Zimbabwean President Emmerson Mnangagwa has pledged to support neighbouring Mozambique fight an escalating insurgency after Islamic militants beheaded more than 50 people.
Police in Mozambique this week said the militants gathered the victims in a football field and killed them.
President Mnangagwa took to Twitter saying he "was deeply shocked by recent reports of terrorist activity in Mozambique".
"These acts of barbarity must be stamped out wherever they are found," he said.
"Zimbabwe is ready to assist in any way we can. The security of our region is paramount in the protection of our people."
Islamic terrorists have intensified attacks on civilians and infrastructure in Mozambique's northern region of Cabo Delgado.
Acts of banditry
Landlocked Zimbabwe's access to Indian Ocean ports via road and rail is also threatened by acts of banditry by Mozambican National Resistance (Renamo) in central Mozambique.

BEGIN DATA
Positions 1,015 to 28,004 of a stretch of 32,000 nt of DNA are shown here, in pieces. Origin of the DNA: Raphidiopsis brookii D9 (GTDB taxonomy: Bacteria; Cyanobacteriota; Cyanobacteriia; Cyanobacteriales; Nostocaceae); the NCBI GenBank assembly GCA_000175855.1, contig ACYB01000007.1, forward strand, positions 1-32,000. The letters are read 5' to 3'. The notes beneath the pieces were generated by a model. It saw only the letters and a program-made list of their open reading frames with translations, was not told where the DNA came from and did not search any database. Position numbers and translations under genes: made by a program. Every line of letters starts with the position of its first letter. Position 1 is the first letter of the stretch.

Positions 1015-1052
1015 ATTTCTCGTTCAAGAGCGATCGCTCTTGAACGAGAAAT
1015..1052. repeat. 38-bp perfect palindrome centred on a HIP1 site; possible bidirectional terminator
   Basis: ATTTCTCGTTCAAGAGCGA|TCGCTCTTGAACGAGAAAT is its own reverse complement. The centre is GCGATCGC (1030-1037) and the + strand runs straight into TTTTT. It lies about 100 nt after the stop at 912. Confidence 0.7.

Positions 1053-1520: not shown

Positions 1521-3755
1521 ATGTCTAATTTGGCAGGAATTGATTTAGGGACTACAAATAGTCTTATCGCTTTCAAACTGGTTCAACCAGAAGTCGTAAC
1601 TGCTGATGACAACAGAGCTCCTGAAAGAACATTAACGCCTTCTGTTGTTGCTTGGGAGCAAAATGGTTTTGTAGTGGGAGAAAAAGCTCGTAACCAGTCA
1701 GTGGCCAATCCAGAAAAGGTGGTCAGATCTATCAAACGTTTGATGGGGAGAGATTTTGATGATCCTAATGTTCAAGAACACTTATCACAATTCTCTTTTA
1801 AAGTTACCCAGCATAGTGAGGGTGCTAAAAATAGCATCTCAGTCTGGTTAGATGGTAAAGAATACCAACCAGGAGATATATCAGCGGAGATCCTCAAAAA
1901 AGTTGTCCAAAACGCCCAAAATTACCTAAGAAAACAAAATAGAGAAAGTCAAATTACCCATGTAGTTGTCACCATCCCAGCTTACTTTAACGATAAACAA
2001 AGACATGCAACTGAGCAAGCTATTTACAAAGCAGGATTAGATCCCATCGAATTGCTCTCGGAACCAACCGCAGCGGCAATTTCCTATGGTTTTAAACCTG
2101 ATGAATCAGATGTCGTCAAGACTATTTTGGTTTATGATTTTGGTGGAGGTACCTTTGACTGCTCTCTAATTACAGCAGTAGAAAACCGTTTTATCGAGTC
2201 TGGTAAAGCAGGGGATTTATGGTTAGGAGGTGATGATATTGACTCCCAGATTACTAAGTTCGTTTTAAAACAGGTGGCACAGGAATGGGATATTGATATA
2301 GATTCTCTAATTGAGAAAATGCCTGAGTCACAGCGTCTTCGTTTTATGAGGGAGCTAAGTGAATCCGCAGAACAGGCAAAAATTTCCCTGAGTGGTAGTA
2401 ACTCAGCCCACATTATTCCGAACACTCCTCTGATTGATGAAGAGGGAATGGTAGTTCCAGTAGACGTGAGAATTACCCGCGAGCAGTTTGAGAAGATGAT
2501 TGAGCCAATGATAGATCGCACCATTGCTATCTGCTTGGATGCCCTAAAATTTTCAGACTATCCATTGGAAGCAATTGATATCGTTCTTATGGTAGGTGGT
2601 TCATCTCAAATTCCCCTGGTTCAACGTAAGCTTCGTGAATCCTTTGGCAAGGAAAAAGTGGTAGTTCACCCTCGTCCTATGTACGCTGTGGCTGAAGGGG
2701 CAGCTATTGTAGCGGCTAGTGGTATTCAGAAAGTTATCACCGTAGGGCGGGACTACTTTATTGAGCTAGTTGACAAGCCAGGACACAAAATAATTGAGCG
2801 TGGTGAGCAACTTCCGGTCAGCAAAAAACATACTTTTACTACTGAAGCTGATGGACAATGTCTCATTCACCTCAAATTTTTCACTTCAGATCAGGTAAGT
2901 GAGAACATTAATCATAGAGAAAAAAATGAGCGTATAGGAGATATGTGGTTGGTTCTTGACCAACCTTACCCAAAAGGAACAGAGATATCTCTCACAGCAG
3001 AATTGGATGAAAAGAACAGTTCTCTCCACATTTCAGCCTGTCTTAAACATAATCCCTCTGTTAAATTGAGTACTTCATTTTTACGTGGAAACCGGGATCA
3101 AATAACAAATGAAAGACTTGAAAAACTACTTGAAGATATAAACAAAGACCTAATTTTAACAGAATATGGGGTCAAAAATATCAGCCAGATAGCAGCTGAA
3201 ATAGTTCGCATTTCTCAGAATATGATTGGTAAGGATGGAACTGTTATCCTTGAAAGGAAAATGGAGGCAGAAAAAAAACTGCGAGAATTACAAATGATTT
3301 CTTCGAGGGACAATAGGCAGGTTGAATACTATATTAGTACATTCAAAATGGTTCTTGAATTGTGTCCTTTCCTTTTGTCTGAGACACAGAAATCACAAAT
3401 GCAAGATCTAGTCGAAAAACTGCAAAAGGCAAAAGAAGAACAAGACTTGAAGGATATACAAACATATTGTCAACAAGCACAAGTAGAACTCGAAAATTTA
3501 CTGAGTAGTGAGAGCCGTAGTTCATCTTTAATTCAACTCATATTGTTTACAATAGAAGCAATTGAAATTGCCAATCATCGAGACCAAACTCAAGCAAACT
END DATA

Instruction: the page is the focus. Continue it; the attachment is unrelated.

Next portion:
President Mnangagwa has been pushing for a regional response to the Mozambican conflicts.
The Zimbabwean leader early this year travelled to Mozambique to meet his counterpart Filipe Nyusi.
They discussed the situation in Cabo Delgado and parts of Manica and Sofala provinces.
The Islamists operate in the region bordering Tanzania and the Indian Ocean.
They began their insurgence in 2017 where they attacked civilians, police and government workers in the region.
According to reports, Mozambique has roped in mercenaries to help in the fight against the Islamists.
Zimbabwe has denied reports that it deployed specialist forces to help the Mozambican army repel the insurgents.
In the 1990s Zimbabwe deployed its troops in Mozambique to protect an oil pipeline from the port city of Beira to Harare and a railway line at the height of the civil war in the neighbouring country that pitted Renamo and government forces.